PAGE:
Advanced high-temperature superconducting magnet for fusion reactors: Segment fabrication and joint technique

Satoshi Ito, Hidetoshi Hashizume, Nagato Yanagi, Hitoshi Tamura

Research output: Contribution to journalArticlepeer-review

8 Citations (Scopus)

Abstract

Superconducting magnets may potentially become larger and more complex for use in future demonstration and commercial fusion reactors. For such situations, the innovative design concept of remountable (or demountable) high-temperature superconducting (HTS) magnets has been proposed for both tokamak and helical reactors that uses the HTS material features of high thermal stability and low cryogenic power. In Japan, the derived concept of joint-winding of HTS coils has been proposed, in which the coils are wound by connecting short conductor segments. This paper first briefly summarizes the design proposal history and current research and development (R&D) status of the important technologies for joint design, and then reports recent R&D progress in mechanical lap joints with inserted indium foils. Based on the joint resistance as a function of temperature, the applied magnetic field and the numbers of layers and rows of HTS tapes in the conductor, the joint resistance of a 100-kA-class HTS conductor joint can be reduced to one third of its initial value by low-temperature heat treatment. Mechanical behavior of these joints indicates that stress relaxation of indium does not affect the fabrication time and that mechanical joints containing indium are preferable to soldered joints under high electromagnetic forces.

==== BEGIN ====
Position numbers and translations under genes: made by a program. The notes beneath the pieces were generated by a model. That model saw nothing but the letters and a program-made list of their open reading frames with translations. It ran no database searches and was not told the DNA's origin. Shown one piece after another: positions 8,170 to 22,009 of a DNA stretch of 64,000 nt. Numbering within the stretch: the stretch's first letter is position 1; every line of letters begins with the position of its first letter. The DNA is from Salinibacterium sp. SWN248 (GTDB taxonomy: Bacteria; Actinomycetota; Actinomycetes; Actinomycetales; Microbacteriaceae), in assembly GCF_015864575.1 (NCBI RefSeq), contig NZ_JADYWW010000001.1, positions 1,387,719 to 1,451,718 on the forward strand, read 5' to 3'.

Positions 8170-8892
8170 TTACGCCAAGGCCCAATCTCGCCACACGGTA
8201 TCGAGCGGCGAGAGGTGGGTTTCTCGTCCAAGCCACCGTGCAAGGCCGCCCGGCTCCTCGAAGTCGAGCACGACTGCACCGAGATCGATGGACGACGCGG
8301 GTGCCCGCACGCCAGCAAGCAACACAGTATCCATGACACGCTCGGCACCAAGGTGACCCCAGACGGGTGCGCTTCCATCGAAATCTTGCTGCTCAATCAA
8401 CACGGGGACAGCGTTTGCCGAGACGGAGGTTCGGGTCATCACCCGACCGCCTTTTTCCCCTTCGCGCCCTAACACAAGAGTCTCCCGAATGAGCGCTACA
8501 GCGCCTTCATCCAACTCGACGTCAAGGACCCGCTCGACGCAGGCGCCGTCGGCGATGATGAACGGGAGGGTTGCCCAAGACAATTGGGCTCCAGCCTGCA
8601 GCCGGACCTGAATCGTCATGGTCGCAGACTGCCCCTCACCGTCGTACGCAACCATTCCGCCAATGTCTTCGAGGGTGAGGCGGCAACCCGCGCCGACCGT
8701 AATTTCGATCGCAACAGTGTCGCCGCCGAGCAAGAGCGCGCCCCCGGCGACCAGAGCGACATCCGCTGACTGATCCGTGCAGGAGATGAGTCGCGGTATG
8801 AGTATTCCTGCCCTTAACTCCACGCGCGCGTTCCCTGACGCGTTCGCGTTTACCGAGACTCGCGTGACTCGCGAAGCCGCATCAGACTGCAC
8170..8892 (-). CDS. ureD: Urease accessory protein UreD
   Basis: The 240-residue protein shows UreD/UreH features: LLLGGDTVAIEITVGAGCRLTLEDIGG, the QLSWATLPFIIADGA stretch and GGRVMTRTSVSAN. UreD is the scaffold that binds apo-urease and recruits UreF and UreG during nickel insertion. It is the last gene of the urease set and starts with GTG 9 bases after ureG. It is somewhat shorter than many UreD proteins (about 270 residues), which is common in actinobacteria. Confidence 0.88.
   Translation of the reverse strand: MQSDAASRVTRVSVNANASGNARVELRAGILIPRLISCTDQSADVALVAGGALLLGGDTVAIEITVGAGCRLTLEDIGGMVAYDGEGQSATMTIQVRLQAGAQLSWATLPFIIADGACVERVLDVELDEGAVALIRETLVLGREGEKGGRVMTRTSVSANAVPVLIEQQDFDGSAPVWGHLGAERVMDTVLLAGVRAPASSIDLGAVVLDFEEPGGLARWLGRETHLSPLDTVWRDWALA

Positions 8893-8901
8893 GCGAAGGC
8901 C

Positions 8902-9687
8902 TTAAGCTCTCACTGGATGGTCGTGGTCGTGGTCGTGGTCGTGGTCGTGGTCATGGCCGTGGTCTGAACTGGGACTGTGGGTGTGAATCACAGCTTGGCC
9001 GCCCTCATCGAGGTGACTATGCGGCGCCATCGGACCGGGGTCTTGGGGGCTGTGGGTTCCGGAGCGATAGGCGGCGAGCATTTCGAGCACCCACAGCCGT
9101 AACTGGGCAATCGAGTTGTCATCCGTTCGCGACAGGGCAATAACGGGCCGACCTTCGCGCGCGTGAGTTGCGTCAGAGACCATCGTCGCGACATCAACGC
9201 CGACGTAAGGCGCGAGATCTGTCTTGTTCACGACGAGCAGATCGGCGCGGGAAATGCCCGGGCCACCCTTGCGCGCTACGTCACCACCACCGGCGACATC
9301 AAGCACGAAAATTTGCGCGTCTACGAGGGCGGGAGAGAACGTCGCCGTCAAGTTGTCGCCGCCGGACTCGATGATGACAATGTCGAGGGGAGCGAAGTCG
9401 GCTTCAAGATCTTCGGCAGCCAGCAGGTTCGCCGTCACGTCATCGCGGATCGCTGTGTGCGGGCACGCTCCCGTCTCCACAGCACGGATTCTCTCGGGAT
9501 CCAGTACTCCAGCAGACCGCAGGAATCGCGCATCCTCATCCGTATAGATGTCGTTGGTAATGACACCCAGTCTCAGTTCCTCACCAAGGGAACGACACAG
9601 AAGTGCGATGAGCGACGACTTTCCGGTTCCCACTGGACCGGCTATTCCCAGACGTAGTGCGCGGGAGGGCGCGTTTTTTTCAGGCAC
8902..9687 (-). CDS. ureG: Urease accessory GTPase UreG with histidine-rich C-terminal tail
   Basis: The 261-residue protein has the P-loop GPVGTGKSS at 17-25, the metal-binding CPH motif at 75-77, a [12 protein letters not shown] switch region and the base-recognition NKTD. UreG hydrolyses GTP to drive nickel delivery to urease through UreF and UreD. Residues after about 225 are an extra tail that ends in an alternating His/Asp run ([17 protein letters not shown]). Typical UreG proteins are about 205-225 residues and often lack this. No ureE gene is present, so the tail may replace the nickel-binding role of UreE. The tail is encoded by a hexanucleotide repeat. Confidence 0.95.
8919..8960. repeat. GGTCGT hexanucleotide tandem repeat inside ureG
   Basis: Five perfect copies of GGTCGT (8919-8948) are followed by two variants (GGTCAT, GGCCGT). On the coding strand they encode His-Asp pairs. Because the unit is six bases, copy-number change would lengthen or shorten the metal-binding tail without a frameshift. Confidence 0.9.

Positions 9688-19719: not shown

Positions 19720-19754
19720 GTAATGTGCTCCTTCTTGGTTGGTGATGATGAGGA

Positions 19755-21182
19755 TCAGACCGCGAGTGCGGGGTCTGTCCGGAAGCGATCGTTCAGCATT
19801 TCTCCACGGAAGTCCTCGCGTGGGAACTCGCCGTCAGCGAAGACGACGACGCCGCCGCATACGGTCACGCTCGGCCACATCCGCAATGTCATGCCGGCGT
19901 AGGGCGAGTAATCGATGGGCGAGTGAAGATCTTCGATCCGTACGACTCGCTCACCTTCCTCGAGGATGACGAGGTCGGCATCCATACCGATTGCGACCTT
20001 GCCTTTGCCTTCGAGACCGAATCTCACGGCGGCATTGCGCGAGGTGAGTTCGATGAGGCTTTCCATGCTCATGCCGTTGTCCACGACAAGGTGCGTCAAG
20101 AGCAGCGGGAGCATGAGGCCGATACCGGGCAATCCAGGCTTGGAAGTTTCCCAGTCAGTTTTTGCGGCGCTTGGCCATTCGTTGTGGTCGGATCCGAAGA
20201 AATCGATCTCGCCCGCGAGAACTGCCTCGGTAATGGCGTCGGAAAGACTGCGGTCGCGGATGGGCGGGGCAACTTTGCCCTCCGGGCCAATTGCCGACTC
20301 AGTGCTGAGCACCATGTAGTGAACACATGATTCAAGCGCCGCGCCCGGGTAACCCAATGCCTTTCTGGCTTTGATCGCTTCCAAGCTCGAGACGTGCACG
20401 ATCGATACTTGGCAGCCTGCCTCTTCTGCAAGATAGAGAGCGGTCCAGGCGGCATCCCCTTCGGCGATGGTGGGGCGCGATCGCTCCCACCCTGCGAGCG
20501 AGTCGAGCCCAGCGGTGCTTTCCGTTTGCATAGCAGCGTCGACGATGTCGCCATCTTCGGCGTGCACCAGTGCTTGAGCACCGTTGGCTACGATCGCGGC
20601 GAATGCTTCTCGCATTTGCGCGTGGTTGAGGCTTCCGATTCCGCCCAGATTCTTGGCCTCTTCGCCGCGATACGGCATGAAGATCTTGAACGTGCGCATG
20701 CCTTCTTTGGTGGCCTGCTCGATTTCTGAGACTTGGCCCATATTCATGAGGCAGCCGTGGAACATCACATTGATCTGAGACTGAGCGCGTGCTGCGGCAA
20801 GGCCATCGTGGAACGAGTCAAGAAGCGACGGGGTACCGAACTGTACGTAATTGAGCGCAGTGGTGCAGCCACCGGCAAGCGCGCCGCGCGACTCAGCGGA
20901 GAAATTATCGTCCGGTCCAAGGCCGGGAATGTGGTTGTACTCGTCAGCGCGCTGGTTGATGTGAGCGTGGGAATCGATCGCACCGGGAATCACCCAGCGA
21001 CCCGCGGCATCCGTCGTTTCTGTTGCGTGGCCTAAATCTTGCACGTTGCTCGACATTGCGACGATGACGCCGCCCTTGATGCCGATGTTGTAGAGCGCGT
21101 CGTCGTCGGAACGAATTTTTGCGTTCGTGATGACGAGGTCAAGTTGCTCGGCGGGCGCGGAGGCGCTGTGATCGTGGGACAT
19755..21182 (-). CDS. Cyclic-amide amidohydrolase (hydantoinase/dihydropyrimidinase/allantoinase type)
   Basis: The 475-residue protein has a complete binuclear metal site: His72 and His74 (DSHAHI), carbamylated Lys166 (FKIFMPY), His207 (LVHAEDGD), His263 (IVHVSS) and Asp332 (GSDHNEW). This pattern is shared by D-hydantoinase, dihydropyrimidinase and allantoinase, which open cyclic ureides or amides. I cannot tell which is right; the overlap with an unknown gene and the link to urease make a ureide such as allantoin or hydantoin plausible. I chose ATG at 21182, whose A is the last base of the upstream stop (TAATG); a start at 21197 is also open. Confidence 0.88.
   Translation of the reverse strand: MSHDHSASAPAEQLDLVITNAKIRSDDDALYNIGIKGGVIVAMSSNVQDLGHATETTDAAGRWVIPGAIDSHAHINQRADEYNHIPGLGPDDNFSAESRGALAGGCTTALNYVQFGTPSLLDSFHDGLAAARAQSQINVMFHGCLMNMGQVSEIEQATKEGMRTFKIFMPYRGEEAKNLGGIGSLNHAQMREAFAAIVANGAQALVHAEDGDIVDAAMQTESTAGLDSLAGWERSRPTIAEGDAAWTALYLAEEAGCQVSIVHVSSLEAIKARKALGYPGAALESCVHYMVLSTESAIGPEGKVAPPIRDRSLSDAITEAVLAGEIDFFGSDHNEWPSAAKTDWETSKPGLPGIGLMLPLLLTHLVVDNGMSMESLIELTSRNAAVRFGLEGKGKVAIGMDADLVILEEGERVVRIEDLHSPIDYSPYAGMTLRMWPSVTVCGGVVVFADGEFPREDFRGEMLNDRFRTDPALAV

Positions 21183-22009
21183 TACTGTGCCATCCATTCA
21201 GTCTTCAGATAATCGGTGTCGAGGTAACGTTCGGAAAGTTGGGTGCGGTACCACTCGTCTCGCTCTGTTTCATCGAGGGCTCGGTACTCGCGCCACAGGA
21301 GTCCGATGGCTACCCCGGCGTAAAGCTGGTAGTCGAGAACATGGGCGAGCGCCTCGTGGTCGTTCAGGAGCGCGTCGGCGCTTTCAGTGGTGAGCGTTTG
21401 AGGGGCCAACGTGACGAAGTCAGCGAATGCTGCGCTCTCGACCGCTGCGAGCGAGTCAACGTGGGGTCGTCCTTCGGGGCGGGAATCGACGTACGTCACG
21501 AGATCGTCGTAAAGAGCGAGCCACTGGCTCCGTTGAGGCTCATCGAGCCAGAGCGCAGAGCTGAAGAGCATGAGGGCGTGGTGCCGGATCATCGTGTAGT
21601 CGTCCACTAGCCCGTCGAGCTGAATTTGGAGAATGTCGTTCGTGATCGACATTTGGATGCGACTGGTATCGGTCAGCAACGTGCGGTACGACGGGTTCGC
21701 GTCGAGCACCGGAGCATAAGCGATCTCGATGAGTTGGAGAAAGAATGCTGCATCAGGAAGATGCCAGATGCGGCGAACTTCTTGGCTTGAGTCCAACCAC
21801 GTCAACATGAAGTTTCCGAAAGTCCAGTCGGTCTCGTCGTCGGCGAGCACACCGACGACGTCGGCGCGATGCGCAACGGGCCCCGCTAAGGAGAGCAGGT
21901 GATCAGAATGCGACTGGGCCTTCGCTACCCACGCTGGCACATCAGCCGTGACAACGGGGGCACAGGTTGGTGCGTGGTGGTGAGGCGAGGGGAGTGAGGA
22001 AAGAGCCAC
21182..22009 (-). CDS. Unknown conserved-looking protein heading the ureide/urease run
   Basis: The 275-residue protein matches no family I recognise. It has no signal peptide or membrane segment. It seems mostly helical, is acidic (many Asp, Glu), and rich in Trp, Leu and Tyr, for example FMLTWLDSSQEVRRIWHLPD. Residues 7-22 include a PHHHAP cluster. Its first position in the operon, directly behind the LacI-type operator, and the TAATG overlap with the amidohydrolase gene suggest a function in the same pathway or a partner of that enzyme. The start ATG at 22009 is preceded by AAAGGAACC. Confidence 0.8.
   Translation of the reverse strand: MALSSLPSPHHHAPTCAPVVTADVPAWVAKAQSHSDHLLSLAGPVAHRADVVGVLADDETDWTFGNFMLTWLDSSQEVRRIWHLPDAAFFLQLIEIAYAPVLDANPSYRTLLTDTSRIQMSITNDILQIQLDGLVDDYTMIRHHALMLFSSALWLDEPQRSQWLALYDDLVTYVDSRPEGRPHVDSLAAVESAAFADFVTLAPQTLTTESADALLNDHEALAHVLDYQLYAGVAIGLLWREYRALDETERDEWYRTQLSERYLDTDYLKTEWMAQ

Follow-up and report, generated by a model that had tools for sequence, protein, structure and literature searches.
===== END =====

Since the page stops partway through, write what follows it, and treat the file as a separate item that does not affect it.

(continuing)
Original languageEnglish
Pages (from-to)239-246
Number of pages8
JournalFusion Engineering and Design
Volume136
DOIs
Publication statusPublished - 2018 Nov

Keywords

  • Demountable magnet
  • Helical fusion reactor design
  • High-temperature superconducting magnet
  • Joint-winding
  • Mechanical joint
  • Porous media

ASJC Scopus subject areas

  • Civil and Structural Engineering
  • Nuclear Energy and Engineering
  • Materials Science(all)
  • Mechanical Engineering

Fingerprint Dive into the research topics of 'Advanced high-temperature superconducting magnet for fusion reactors: Segment fabrication and joint technique'. Together they form a unique fingerprint.

Cite this